From North Carolina’s impact on the national election to Latinx voters to the post-election role of social media, Wake Forest faculty experts can comment this week on election-related topics.
North Carolina politics
John Dinan, professor of political science and international affairs
Dinan closely follows North Carolina political races and teaches courses on campaigns and elections, state politics and Congress and policymaking. He is a leading national expert on federalism, state constitutions and state legislatures. Dinan can discuss the NC gubernatorial race and other state-wide election results, including the campaigns for three of the positions on the seven-member state supreme court. He can also analyze results of state house and senate elections, which will determine control of the North Carolina legislature and have effects on redistricting, Medicaid expansion, education policy, and other policies in 2021 and going forward. “North Carolina is clearly among the most important states in determining who wins the presidency and which party controls the senate, with an electoral-college majority and senate majority potentially resting on the outcome of the votes cast in North Carolina.”
Advertising and outcomes
Allan Louden, professor of communication
From presidential debates to political advertising, Louden has provided expert commentary and analysis for a wide range of national and regional media outlets. For Election 2020, Louden collected more than 4,500 campaign ads that tell a story of how the election unfolded and the issues that dominated. “Political advertising tells you who the players are in a campaign, tells you what issues the campaigns think are important, and which constituents they need to reach. Political advertising provides insight into a campaign’s strategy and their perception of the American electorate. Occasionally maverick advertisers like the Lincoln Project or Midas Touch disrupt campaign rhythms changing who is being influenced and who receives political messaging.”
The post-election role of social media
Ananda Mitra, social media communications expert
What role will social media play post-election? “Independent of the actual outcome, the digital networks will have their own outcomes that will define the divisions in the U.S. for the foreseeable future.” Communications professor Ananda Mitra studies the ways in which personal details about individuals gleaned from what we like, share, buy, click on, and more are used to influence beliefs and actions. He studies these narrative bits of information and invented the computer program to allow for a careful and systemic analysis of the data collected in social media posts.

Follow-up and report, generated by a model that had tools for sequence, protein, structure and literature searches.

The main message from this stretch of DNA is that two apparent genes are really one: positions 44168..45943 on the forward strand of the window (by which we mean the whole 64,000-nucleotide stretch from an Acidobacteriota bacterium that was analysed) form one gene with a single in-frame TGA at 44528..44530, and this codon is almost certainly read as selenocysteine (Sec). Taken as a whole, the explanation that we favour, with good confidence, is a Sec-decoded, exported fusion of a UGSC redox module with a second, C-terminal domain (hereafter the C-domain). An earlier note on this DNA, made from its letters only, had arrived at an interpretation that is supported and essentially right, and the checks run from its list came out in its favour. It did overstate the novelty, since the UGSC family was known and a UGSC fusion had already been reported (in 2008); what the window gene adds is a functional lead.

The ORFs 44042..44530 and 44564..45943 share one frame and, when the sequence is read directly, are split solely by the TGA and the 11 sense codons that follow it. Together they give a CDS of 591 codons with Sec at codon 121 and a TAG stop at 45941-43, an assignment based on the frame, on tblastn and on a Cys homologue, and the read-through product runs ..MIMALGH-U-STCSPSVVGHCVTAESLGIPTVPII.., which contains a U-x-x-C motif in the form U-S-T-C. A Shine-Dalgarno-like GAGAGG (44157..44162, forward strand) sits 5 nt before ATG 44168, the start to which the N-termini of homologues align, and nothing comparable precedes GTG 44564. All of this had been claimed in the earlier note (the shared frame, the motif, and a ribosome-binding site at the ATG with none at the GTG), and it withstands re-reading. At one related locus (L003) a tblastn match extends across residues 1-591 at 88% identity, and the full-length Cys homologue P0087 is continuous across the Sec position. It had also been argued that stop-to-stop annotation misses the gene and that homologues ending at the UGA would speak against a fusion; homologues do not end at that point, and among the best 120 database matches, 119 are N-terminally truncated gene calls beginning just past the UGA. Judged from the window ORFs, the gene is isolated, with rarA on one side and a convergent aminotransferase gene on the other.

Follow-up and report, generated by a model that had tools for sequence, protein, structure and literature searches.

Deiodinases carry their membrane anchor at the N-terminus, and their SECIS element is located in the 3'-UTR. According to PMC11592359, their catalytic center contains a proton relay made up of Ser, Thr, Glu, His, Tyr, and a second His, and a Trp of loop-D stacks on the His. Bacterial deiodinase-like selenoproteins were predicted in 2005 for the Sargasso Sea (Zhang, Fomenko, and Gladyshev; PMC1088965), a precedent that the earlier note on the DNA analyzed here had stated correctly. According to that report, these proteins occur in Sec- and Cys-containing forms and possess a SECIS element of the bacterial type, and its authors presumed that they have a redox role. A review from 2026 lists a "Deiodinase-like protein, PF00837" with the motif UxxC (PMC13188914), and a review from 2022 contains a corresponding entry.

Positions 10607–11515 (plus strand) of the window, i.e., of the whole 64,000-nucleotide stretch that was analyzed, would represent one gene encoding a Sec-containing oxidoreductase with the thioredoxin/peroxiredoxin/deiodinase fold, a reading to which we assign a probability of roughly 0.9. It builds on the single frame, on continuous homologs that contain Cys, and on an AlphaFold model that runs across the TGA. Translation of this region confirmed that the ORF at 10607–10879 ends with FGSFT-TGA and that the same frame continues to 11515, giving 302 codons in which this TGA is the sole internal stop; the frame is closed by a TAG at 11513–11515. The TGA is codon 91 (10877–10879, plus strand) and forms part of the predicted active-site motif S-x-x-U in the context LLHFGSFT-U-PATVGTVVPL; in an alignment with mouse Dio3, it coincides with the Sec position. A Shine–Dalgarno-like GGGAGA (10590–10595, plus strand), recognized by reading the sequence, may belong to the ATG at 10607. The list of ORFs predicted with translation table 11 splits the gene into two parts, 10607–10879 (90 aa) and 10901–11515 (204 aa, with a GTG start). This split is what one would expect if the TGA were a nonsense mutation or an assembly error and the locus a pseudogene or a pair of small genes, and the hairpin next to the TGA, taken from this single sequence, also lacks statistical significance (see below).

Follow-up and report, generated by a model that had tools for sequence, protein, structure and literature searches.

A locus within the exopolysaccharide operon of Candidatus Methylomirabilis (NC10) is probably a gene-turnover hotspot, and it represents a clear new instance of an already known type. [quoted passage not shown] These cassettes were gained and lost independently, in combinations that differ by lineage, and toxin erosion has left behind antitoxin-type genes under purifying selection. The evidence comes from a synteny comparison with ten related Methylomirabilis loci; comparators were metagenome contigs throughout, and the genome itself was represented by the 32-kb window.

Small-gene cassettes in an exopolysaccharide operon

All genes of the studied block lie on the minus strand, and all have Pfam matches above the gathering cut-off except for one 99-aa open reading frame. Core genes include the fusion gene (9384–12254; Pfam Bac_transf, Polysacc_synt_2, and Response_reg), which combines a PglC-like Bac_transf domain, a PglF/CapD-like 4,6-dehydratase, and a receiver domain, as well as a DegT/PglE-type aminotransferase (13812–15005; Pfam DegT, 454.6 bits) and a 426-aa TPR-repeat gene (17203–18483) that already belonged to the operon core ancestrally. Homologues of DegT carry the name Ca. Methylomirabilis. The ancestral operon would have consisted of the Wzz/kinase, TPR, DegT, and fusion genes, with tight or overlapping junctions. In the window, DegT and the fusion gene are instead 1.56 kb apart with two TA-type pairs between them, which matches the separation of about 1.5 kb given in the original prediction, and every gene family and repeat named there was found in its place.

Latinx voters in North Carolina
Betina Wilkinson, associate professor of political science and international affairs
Wilkinson can offer insights and commentary on Latinx voters and the election. She is an expert on Latinx political behavior in North Carolina and the U.S., studies Latinxs in U.S. politics, national and local immigration policy and racial attitudes among Latinx and other ethnic groups. She can discuss the demographics and election-related politics of Latinxs in the U.S. and North Carolina.
Young voters are making a difference
Marianne Magjuka, executive director of the Office of Civic & Community Engagement
Magjuka directs civic learning and democratic engagement programs for students. She can discuss campus-wide efforts to engage college students in Election 2020 and student participation in Deacs Decide, a bipartisan political engagement project. “Many of our students will vote for the first time in this election. We have worked diligently to support students as they navigate the political process, learn about the candidates running for office, and make their voices heard at the polls.”
Racism, white supremacy and police brutality
Kami Chavis, professor of law, director of the Criminal Justice program
Chavis can speak to how the police killing of Minneapolis resident George Floyd, as well as the killings of Georgia resident Ahmaud Arbery and Kentucky resident Breonna Taylor – and other racially charged incidents – have shaped this year’s election. “The need for police accountability and reform and the intersection of white supremacy and armed militia are issues that have been at the forefront of the election of 2020. Unfortunately, these issues will not resolve themselves once all of the ballots are counted and could be exacerbated if the next administration does not develop and implement thoughtful solutions.”
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